Arizona Supreme Court won’t block new tax on high-earners to fund education
Prop 208 to remain in effect while a lower court determines if the revenue it raises will exceed a constitutional spending limit.
PHOENIX (AP) - The Arizona Supreme Court said a new tax on high earners approved by voters in November can remain in effect while a lower court determines if the revenue it raises for schools will exceed a constitutional spending limit.
The ruling from the high court on Thursday, Aug. 19, is a major win for education proponents who worked for years to get the tax increase on the ballot.
Opponents said the new tax will hurt the state’s economy.
The court was considering whether Proposition 208 required a 2/3 vote to be enacted and ruled that voter initiatives do not. But the court said it can’t yet tell whether the money it raises can be legally spent so sent the case back to the lower court.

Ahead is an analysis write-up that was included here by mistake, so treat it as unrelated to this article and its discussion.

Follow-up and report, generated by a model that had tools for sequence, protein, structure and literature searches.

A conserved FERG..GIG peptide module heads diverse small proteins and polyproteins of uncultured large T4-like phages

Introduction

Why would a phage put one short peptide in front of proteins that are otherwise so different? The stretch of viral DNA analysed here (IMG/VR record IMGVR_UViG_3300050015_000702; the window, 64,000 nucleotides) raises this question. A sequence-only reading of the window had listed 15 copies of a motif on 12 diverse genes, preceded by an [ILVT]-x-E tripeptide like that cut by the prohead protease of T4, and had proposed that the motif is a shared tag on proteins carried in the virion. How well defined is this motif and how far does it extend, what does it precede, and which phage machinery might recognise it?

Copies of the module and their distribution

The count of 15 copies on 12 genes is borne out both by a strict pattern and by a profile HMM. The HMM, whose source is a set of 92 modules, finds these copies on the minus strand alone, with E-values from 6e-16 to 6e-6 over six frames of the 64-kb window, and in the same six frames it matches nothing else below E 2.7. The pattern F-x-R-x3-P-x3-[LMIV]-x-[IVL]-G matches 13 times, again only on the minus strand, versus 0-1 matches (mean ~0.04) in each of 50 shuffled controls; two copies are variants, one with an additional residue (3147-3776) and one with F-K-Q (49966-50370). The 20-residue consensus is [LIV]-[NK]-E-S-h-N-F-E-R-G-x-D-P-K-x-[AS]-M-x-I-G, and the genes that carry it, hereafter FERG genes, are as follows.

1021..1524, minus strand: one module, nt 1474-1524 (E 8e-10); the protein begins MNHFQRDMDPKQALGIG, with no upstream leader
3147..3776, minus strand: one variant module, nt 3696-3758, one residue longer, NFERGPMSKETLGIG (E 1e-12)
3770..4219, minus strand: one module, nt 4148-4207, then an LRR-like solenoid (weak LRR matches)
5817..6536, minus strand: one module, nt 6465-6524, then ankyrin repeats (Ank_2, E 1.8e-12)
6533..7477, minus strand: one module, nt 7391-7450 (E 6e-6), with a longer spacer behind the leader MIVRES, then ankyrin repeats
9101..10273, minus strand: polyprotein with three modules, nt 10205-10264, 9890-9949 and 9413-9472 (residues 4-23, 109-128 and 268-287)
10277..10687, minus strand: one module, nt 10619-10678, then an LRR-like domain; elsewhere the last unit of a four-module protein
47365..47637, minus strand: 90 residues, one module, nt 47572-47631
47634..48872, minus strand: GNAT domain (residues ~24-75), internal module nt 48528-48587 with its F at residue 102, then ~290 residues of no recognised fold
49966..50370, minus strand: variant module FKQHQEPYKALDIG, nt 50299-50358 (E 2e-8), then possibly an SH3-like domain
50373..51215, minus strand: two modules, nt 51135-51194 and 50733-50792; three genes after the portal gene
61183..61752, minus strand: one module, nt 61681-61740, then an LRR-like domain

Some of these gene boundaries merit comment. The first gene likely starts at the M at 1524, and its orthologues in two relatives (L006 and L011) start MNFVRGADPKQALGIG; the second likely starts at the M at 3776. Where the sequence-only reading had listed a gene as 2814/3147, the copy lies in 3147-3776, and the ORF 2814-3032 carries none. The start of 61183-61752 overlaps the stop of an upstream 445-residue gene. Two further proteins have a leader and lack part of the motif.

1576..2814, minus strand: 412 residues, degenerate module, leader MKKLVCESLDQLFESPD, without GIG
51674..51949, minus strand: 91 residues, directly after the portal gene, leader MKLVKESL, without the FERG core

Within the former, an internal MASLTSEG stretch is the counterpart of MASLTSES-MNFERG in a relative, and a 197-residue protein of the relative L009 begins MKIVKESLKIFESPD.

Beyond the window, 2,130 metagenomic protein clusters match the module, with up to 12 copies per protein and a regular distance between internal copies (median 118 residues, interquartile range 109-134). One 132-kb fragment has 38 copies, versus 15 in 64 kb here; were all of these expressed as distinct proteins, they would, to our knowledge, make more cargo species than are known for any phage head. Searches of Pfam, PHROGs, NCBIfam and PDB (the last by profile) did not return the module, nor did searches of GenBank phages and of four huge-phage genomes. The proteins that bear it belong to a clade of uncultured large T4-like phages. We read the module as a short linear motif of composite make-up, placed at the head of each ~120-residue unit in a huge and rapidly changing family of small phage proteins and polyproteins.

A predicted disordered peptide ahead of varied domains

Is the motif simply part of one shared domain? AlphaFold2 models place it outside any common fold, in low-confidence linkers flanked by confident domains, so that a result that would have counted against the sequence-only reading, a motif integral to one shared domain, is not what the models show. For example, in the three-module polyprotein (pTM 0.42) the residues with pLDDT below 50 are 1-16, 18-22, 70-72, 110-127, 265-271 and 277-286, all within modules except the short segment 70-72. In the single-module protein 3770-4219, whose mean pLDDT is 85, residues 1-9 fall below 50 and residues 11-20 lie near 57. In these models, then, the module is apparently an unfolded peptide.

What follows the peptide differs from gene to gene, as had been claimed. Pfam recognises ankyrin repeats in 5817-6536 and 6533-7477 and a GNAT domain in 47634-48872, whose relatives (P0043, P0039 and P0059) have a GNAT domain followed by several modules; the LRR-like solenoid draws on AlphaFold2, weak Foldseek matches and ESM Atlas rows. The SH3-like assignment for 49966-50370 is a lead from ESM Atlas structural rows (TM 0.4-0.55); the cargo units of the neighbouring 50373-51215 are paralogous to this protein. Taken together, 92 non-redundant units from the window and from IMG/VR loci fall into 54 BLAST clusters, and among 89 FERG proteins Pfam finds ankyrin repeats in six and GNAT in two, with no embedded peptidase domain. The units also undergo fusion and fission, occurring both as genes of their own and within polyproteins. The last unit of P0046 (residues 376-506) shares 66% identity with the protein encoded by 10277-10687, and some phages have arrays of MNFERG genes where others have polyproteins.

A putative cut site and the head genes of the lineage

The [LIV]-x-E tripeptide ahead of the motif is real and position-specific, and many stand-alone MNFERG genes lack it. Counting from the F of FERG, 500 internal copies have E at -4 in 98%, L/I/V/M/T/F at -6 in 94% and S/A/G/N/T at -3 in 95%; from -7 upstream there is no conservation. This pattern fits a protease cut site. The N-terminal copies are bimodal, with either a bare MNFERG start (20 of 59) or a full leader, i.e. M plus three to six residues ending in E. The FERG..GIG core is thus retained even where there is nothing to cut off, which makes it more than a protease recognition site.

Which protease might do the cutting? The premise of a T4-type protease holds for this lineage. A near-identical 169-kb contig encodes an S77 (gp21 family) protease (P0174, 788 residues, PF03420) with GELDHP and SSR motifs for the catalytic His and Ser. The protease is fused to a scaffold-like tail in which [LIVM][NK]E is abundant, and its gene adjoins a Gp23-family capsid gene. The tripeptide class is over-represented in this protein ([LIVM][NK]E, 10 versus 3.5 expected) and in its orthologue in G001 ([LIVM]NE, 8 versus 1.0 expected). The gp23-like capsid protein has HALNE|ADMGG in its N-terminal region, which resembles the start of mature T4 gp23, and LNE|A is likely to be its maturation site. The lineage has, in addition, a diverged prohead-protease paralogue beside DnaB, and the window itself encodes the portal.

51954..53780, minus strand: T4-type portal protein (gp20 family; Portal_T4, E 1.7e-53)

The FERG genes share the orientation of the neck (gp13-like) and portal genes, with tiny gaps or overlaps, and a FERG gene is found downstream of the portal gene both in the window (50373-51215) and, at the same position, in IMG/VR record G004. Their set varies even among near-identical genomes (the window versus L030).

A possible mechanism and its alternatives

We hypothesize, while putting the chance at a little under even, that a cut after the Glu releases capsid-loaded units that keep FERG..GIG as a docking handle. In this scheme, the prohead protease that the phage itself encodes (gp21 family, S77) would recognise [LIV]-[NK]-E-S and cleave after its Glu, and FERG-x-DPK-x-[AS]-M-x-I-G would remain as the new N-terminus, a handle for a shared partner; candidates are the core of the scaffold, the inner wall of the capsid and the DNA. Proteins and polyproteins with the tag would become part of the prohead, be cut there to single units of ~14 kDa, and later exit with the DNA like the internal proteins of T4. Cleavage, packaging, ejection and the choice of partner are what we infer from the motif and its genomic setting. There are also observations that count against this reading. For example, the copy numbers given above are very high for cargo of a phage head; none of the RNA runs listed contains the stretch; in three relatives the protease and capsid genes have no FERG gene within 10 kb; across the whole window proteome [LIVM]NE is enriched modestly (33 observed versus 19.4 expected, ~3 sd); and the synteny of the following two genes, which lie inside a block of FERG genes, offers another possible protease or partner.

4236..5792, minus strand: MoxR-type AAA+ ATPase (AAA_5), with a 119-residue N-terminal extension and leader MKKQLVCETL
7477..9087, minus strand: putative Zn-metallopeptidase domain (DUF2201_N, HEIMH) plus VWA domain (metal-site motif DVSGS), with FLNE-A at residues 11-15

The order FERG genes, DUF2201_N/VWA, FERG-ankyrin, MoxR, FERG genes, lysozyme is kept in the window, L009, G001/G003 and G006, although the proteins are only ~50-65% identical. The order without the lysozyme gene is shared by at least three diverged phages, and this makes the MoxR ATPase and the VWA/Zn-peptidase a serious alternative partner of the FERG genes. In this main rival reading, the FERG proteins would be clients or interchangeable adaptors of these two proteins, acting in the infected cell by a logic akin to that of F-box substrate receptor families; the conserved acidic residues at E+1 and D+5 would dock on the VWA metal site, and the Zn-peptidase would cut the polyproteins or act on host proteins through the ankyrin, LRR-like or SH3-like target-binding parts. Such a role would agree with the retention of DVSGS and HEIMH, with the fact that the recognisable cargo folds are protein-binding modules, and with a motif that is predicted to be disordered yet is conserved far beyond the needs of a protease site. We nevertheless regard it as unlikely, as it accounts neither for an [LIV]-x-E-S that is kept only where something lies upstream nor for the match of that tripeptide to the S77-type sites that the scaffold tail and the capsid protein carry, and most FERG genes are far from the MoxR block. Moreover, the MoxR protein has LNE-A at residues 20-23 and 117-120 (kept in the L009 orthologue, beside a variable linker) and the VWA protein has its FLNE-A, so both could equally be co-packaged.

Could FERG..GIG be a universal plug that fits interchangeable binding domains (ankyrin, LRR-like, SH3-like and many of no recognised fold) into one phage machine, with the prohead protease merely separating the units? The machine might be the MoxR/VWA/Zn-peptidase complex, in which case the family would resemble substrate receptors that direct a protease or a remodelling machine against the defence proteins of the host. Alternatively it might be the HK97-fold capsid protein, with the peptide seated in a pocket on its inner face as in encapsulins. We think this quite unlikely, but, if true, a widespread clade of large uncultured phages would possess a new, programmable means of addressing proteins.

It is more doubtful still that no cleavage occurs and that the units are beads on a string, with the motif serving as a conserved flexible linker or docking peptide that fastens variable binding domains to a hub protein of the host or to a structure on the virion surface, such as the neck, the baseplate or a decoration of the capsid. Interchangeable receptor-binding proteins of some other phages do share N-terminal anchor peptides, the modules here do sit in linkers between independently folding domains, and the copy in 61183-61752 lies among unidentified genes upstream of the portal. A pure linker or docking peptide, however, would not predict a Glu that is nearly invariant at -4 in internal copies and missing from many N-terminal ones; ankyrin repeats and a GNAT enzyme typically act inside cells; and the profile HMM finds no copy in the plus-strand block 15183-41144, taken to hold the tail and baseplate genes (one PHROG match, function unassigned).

Prop 208, also known as the Invest in Education Act, was approved by voters in November 2020. It imposes a 3.5% income tax surcharge on taxable annual income over $250,000 for single persons or $500,000 for married persons filing jointly.
The funding will increase salaries for teachers and non-administrative support personnel, career training and higher education pathway programs for high school students and the Arizona Teacher’s Academy.
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